Even after I quit drinking a couple years after beginning yoga, I’d wake up slowly and have trouble moving. “I need the first hour of the day to stare in my coffee and mutter,” I’d say. As recently as a couple weeks ago friends would invite me to morning yoga and I’d say, “I can’t do anything before 11:00 a.m.; I don’t move well in the morning.”

And I thought this was normal. That’s life, right? You get old and your body hurts.

But this morning, I woke up at 6:30 a.m. on my own. When I put my 47-year old feet on the floor, they didn’t hurt. I didn’t have to limp to the bathroom with one hand on the hallway wall for balance. I put both feet down and stood up. Then I started shifting my weight back and forth, stepping in place. My feet were limber, sort of like hands. My toes felt longer, sort of like fingers. I started to dance. My whole body had an ease to it, I’d never felt sober.  I felt lighter, taller. I started to swing my arms over my head and then I sang as I danced around, “I feel good…in my body!”

Seriously.

What had changed? I’d had two sessions of rolfing (deep-tissue work that stretches the fascia, developed by Ida Rolf), which had worked out the adhesions in my connective tissue. The places that were bound up had been pulling my body out of whack, and the problem had compounded as the years went by.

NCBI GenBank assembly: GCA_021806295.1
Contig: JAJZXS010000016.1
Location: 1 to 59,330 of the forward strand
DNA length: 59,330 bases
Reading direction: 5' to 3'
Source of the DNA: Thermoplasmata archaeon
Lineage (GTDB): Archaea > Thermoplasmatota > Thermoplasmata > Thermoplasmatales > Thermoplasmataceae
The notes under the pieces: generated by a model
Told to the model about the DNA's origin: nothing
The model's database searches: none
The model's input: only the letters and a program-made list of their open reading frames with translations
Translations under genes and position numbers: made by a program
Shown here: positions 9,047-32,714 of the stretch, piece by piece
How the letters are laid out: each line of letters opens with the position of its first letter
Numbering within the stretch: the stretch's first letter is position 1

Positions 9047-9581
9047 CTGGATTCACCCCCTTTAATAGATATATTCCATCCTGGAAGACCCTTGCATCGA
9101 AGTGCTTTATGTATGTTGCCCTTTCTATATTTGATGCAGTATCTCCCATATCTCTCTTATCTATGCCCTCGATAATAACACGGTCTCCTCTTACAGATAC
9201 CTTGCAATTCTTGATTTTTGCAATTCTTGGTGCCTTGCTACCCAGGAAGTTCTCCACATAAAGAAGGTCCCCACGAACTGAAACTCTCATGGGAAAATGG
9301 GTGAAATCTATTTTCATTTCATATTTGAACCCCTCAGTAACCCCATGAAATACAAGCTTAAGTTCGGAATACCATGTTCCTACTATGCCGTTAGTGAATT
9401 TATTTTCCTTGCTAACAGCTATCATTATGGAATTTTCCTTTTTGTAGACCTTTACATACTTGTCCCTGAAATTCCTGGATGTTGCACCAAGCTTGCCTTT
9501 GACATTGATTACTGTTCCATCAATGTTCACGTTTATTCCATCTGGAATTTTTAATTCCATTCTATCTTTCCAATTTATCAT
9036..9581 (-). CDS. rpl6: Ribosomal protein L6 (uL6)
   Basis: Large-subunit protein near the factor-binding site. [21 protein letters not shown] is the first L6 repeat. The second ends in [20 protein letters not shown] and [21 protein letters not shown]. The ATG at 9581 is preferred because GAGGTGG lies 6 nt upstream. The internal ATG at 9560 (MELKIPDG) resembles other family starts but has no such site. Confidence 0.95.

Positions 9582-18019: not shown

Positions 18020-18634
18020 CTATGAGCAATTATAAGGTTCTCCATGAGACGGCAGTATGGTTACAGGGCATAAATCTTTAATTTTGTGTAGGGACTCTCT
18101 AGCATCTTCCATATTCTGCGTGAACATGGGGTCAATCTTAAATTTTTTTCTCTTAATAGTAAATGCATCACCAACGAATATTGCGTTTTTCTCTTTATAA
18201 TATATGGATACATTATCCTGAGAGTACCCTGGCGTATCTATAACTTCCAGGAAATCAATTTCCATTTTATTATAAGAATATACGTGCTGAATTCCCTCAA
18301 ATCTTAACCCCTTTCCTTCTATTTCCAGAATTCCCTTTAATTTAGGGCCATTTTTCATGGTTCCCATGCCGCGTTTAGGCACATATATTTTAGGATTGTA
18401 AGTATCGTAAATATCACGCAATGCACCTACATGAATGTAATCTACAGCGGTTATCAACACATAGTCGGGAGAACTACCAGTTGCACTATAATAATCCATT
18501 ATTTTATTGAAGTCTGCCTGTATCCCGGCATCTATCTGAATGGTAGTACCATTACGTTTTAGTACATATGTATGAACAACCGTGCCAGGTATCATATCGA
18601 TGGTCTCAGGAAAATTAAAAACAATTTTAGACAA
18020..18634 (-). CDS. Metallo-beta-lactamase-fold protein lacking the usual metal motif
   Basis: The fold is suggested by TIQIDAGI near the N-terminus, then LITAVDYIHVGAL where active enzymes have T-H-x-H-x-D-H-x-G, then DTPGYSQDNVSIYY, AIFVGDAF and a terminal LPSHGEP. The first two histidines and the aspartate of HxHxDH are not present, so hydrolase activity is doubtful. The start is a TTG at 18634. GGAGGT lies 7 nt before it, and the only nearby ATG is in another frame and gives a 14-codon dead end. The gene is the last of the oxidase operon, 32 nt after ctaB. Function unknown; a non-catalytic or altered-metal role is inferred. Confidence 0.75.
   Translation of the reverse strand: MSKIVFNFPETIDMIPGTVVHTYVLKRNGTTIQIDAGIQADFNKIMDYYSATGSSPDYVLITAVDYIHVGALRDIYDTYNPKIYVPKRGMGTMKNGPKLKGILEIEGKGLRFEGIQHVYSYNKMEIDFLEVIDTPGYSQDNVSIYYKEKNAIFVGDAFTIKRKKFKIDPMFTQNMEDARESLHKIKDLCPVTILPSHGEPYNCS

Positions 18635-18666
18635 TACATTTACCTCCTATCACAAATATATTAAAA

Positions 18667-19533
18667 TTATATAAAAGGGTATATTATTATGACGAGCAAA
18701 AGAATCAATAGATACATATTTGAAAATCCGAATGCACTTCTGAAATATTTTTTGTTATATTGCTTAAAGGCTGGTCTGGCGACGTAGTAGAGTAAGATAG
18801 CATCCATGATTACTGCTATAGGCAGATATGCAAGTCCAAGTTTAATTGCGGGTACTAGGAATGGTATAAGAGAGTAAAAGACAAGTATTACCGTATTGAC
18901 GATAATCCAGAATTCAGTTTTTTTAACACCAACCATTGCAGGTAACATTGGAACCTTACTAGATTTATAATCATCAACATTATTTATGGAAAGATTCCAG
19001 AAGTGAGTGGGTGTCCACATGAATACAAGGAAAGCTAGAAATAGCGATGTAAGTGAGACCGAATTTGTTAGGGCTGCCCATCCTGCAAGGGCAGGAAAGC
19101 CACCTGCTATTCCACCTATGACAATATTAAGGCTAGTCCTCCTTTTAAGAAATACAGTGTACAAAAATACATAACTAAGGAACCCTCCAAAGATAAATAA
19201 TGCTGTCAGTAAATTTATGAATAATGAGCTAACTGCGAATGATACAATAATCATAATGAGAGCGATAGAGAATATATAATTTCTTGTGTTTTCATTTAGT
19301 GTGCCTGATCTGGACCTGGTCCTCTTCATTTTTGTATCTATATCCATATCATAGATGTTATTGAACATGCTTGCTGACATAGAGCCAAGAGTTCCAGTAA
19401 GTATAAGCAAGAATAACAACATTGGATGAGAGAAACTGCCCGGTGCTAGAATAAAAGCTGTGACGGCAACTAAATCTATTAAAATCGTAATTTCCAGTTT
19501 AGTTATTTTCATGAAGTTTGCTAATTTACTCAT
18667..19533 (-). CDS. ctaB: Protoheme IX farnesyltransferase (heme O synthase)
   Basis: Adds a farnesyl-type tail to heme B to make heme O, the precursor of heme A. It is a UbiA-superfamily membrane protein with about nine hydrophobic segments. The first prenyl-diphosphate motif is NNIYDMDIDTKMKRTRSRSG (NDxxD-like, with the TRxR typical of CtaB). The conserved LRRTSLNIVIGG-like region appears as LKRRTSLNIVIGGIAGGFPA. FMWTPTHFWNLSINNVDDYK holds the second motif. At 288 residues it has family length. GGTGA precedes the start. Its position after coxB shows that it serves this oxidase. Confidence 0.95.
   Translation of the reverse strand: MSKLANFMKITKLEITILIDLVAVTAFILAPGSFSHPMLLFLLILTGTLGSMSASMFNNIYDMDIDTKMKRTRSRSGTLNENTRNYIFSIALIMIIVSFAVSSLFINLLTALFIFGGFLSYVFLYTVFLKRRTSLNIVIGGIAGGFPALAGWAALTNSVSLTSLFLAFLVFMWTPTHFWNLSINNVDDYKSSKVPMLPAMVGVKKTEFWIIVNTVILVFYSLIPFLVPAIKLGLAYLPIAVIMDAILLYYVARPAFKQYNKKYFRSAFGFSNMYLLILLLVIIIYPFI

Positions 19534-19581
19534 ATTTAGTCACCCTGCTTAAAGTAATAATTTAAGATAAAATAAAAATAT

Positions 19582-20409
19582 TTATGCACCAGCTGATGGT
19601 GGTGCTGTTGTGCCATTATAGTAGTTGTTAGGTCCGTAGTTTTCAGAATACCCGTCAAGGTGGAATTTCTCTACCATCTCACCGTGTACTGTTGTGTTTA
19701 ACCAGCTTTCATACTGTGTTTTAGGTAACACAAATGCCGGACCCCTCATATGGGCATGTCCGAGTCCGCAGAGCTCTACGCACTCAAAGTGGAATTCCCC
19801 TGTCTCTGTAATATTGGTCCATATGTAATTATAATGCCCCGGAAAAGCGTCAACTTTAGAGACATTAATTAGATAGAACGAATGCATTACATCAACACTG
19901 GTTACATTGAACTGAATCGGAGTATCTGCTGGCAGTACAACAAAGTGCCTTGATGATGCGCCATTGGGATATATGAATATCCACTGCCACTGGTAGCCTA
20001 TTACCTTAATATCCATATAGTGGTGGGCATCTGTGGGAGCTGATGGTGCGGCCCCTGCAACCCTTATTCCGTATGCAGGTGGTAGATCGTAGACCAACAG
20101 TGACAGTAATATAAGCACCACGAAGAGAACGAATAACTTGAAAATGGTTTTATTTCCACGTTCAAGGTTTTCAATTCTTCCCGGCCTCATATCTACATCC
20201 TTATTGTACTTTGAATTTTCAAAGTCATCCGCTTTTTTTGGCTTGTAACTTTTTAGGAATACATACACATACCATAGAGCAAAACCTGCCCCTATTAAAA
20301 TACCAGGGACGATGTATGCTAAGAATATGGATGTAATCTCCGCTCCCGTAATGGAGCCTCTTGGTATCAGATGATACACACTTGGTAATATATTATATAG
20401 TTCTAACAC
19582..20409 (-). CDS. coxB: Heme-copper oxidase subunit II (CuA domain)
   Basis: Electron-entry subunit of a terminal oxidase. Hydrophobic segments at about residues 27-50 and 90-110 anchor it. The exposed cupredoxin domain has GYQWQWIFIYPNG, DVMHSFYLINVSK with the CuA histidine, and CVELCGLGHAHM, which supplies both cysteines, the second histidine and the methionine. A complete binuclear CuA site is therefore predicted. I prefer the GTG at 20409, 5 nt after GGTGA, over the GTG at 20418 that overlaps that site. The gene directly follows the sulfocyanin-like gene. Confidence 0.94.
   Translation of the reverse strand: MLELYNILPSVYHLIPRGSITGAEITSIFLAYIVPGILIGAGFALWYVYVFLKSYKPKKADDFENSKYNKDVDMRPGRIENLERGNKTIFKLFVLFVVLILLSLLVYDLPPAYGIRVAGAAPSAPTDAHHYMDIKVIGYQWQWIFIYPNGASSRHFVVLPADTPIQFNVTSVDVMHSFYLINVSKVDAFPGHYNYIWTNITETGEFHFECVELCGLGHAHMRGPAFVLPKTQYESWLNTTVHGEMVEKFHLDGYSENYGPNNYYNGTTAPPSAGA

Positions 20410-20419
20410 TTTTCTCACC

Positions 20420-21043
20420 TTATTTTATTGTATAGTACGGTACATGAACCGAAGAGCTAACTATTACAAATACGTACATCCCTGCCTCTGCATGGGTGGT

But it wasn’t just my body. Two days after my first appointment, a girlfriend who’d known me for fifteen years called. She’d seen me through heavy workaholism and functional alcoholism, when I’d been alternately high on progress or booze, and she’d stuck around to see a new more peaceful, sober me. I’d answered her call while I was walking on the beach and watching the sunset, and I felt energized about my writing and the work I’d done developing Wholly Creative. I was bubbling with enthusiasm. For the first time in years, I didn’t feel like I had to slog through the day.

“Are you on a bender?” she asked. I didn’t understand what she was asking. “You sound like your old self… You sound happy.”

I’d been sober for four years, and while I’d cultivated more peace, I hadn’t felt this good since when I got those regular doses of “spirit” that allowed me to feel really free in my body. I’d had little windows of elevation after yoga or dance or a bike ride, but pretty quickly the window closed and I was back to the slog. My friend was right. I felt alive again.

Today, it occurred to me there is a correlation to how I was doing mentally and how I was feeling physically. I am more inspired and more creative because my body is functioning better. Talk about mind-body connection, right!?

With still eight more sessions to complete the rolfing process, I am ever more amazed by how we can increase the quality of our creative and intellectual life by tending to the body. And it’s not just mind and body, it’s spirit, too.

Get my free guide to Get Moving and Get Things Done.

Rule breaking, time warping, persona stripping: it’s how legends are made!

I broke rule #1 of blogging.

I didn’t publish a blog for years.  After my move to Los Angeles from South Florida, things inside of me shifted, like my consciousness was tectonic plates and my life was the resulting earthquake. I wasn’t sure who I was anymore or what I had to say or why anyone would want to listen. My professional creative life was the casualty. After over a decade cultivating a readership, I didn’t want to be “followed.” I didn’t have any idea where I was going.